Wrong lesson

Allegations that academics abused their grad students


Accused: Peking University

During Qing Ming, or Tomb Sweeping Day, a woman named Li Youyou posted a short online account of her friend’s suicide 20 years earlier.

Gao Yan, she said, had been a happy, conscientious undergraduate at Peking University in the mid-1990s.

One of her teachers Shen Yang, now 62, had shown a special interest in her, inviting her round for chats about writing and linguistics.

One night he raped her and when rumours began to circulate that the two were romantically involved she took her own life, unable to bare whispers – put about by Shen – that she was mentally unstable and had seduced him.

“Gao was less than half your age… Like a wolf you took her virginity, her youth and her dreams,” wrote Li.

She then called on Shen to apologise to Gao’s parents who were now “old and sick”.

The article, which was widely picked up by the media, has fed into an ongoing debate about abuse of power in Chinese higher education.

In December Yang Baode, a PhD student from Xi’an’s Jiao Tong University drowned himself after months of abuse by his academic supervisor, who made him clean her apartment, wash her car and play mahjong with her.

The suicide seems to have been triggered when the supervisor refused to sign papers that would have allowed Yang to study abroad, his girlfriend said.

Then in March, a Master’s student at Wuhan University’s School of Automation called Tao Chongyuan jumped off the sixth floor of his dormitory building.

Tao’s family and friends claimed he had also been made to carry out domestic chores, including cooking and laundry, for his supervisor Wang Pan.

Wang was alleged to have insisted that Tao call him father and applied for a scholarship on Tao’s behalf, which he then had to “donate” to Wang’s research institute.

Tao likewise wanted to transfer overseas but Wang refused to sign his application for government funding.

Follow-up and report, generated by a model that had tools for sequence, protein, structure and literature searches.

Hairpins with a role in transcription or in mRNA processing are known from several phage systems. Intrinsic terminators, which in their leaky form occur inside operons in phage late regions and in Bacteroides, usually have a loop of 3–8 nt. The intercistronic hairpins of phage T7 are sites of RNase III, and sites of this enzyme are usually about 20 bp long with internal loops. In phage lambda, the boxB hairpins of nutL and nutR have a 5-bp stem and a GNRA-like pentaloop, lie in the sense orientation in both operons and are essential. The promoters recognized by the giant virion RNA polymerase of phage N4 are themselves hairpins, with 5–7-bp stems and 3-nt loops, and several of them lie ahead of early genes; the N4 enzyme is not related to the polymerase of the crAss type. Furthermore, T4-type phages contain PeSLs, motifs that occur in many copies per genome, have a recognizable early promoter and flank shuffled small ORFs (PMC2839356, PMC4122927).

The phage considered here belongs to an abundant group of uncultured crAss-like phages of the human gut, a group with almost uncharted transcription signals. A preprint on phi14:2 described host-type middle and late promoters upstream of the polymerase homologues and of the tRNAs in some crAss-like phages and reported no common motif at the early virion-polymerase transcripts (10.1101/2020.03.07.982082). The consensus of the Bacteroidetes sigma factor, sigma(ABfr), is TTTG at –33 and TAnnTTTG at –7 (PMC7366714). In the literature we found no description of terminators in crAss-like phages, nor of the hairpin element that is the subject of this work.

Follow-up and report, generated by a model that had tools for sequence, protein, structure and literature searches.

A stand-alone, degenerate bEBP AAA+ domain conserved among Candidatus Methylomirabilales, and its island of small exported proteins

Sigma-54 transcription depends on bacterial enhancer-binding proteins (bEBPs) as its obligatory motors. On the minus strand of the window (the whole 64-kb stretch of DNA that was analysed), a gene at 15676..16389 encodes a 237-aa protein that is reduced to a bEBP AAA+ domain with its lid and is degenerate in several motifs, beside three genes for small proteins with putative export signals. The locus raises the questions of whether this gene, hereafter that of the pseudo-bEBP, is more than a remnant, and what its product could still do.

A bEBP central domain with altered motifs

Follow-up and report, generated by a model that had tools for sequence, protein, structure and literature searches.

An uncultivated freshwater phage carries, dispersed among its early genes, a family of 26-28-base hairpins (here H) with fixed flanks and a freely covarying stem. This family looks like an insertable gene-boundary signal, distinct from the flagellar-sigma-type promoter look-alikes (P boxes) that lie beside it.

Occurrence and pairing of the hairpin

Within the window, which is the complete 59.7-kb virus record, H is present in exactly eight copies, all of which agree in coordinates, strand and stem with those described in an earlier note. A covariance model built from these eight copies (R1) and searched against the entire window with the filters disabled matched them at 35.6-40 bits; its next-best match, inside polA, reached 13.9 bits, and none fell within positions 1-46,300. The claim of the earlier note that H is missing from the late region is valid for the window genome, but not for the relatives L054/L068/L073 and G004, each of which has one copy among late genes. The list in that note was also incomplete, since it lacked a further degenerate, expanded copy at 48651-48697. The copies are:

Tao’s final message to his mother was: “I can no longer tolerate this. I don’t know how to escape Wang Pan”.

In all three cases the teachers deny wrongdoing. Shen was given a demerit after Peking University’s enquiry into Gao’s death in 1998, but he kept his job and eventually took up posts at Nanjing University and Shanghai Normal University.

After Li’s recently published letter he was removed from his current position because he hadn’t declared the demerit when he was hired. Zhou and Wang have also been barred from supervising other graduate students.

Yet most people feel the responses have been insufficient and education professionals have been calling for an overhaul of the teacher-student relationship, which would put limits on the power of academic supervisors.

“It is an indisputable fact that a considerable number of postgraduate students are plagued by relationships with mentors,” complained “In fact, being ‘controlled’ by a tutor is a very common phenomenon”.

Sohu News said academic supervisors often treat post-graduate students as personal secretaries, nannies or “slaves”, and one of its cartoons featured a mortar board attached to a ball and chain.

For Phoenix TV, the Confucian idea of the teacher as a father is partly to blame: “The traditional apprenticeship-style teacher-student relationship has a profound impact on the Chinese style of supervisor system – there is no ‘abuse of power’, only ‘absolute obedience’”.

Media commentaries stopped short of asking about the wider implications of this unappealing aspect of academic culture – such as how it must prove detrimental to Beijing’s goals of encouraging more creativity and innovation.

Students and family members have now taken matters into their own hands by staging protests outside the offices of the accused professors and pushing for meetings with university officials.

Several users of online forums like Zhihu have been encouraging people to make use of – a website created by a Chinese postgraduate in 2013 – to help students choose more beneficial supervisors abroad.

“To prevent tragedies from happening again, we need to disclose these monsters’ names bravely,” another added of the power-crazed academics at home.

© ChinTell Ltd. All rights reserved.

Sponsored by HSBC.

The Week in China website and the weekly magazine publications are owned and maintained by ChinTell Limited, Hong Kong. Neither HSBC nor any member of the HSBC group of companies ("HSBC") endorses the contents and/or is involved in selecting, creating or editing the contents of the Week in China website or the Week in China magazine. The views expressed in these publications are solely the views of ChinTell Limited and do not necessarily reflect the views or investment ideas of HSBC. No responsibility will therefore be assumed by HSBC for the contents of these publications or for the errors or omissions therein.